When MassMutual was founded, 170 years ago, America hadn’t fought its civil war, family vehicles were horse drawn and paper mail took weeks to complete its journey. Life insurance was being sold by people, face-to-face.
Fast forward more than a century. A lot has changed in life insurance distribution‒ including the increasing digitalization and automation of the sales process. Portals and direct-to-consumer (D2C) channels are in bloom across the industry.
However, even in the midst of this rush to digital transformation, technology has not replaced the advisor as early doom-sayers predicted. Instead, the core advisor skillset – empathy, relationship-building, education – remains critical to creating great CX and making sales. It just needs to be integrated into the new, digital context.
MassMutual set out to disrupt insurance distribution
In a recent Life Accelerated podcast, Sherriff Balogun, Jr., Head of Platform Transformation at MassMutual, explained how he sees what’s happening,
For Sherriff, technology is stripping away layers of complexity in many areas.
Through the transformation of legacy platforms and increased focus on data and analytics, processes like underwriting, policy onboarding and claims are being automated and streamlined. Technical complexity, in the form of multiple, disconnected legacy platforms being used to achieve a desired outcome, are being modernized and integrated. And, at the same time, business processes like policy approval or claims authorization are being simplified and accelerated.
Yet, even as MassMutual is placing big bets on this digital transformation, they also realize the importance of involving all stakeholders in the journey– especially advisors.
Focusing on their financial professional network may seem counter-intuitive at a time when most carriers want to invest in real-time, digital interactions, D2C and the many promises of AI and analytics driven sales processes. But, as customers’ needs become more complex, so too does their need for more robust products and solutions. At some point identifying the right solution to address those complexities becomes more complicated than technology alone can deliver.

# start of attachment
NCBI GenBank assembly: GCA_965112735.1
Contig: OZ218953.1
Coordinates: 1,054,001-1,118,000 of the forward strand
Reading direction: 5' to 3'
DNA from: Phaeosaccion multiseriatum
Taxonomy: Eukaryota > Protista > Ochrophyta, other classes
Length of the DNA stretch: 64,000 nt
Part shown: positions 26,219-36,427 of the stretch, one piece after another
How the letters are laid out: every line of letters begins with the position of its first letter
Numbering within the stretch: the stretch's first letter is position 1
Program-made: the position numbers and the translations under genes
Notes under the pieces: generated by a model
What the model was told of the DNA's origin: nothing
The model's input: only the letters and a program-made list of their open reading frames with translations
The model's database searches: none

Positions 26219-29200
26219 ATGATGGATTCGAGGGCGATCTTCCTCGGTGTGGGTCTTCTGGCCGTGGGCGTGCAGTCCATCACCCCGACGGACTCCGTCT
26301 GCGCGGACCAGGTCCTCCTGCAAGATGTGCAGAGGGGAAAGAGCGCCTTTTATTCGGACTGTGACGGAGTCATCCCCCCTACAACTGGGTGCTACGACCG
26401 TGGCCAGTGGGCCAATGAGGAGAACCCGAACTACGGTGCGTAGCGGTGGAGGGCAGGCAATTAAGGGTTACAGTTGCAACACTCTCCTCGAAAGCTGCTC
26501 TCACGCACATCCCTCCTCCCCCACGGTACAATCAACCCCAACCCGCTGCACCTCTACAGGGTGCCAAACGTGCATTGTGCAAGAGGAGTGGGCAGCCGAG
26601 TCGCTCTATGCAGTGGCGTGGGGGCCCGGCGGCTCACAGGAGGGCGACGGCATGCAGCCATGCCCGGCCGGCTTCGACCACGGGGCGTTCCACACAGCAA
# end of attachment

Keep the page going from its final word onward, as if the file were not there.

What most carriers are finding is that, even with simplified product offerings that enable automated underwriting and approval, the completion rate on D2C inquiries is quite low. In many cases consumers are dropping out of the process because of anxiety, lack of understanding of the product and process or frustration.
Consumers requiring more than just guaranteed approval policies or simple investments need help understanding their own spectrum of needs and the types of products that could meet them. An automated portal just can’t do the job.
These challenges have always been present in insurance sales. They have grown larger as the complexity of the solution increases. That’s why advisors are so important: to educate, motivate, explain, empathize, find the best/easiest solution for their clients.
What is MassMutual doing for their advisor network?
Sherriff Balogun, Jr., Head of Platform Transformation, MassMutual
For Sherriff that tech enablement of their financial professional network is especially critical as we all move beyond social distancing and once again enjoy in-person interactions. The digital advisor tools that solved so many COVID-related challenges now serve a new purpose‒enabling financial professionals to provide their services in a more efficient and modern manner no matter how their clients want to interact.
MassMutual doubled down on their financial professional network investments
Even as MassMutual pushes the boundaries of how technology can disrupt life insurance distribution, they continue to keep their focus on the values and roots of their storied organization. They are building solutions based on a marriage between technology and people. They are prioritizing investment in both insurance and wealth management technology solutions so that their advisors are transformed into digital solution providers for all customers, in all markets, with all manner of complex needs.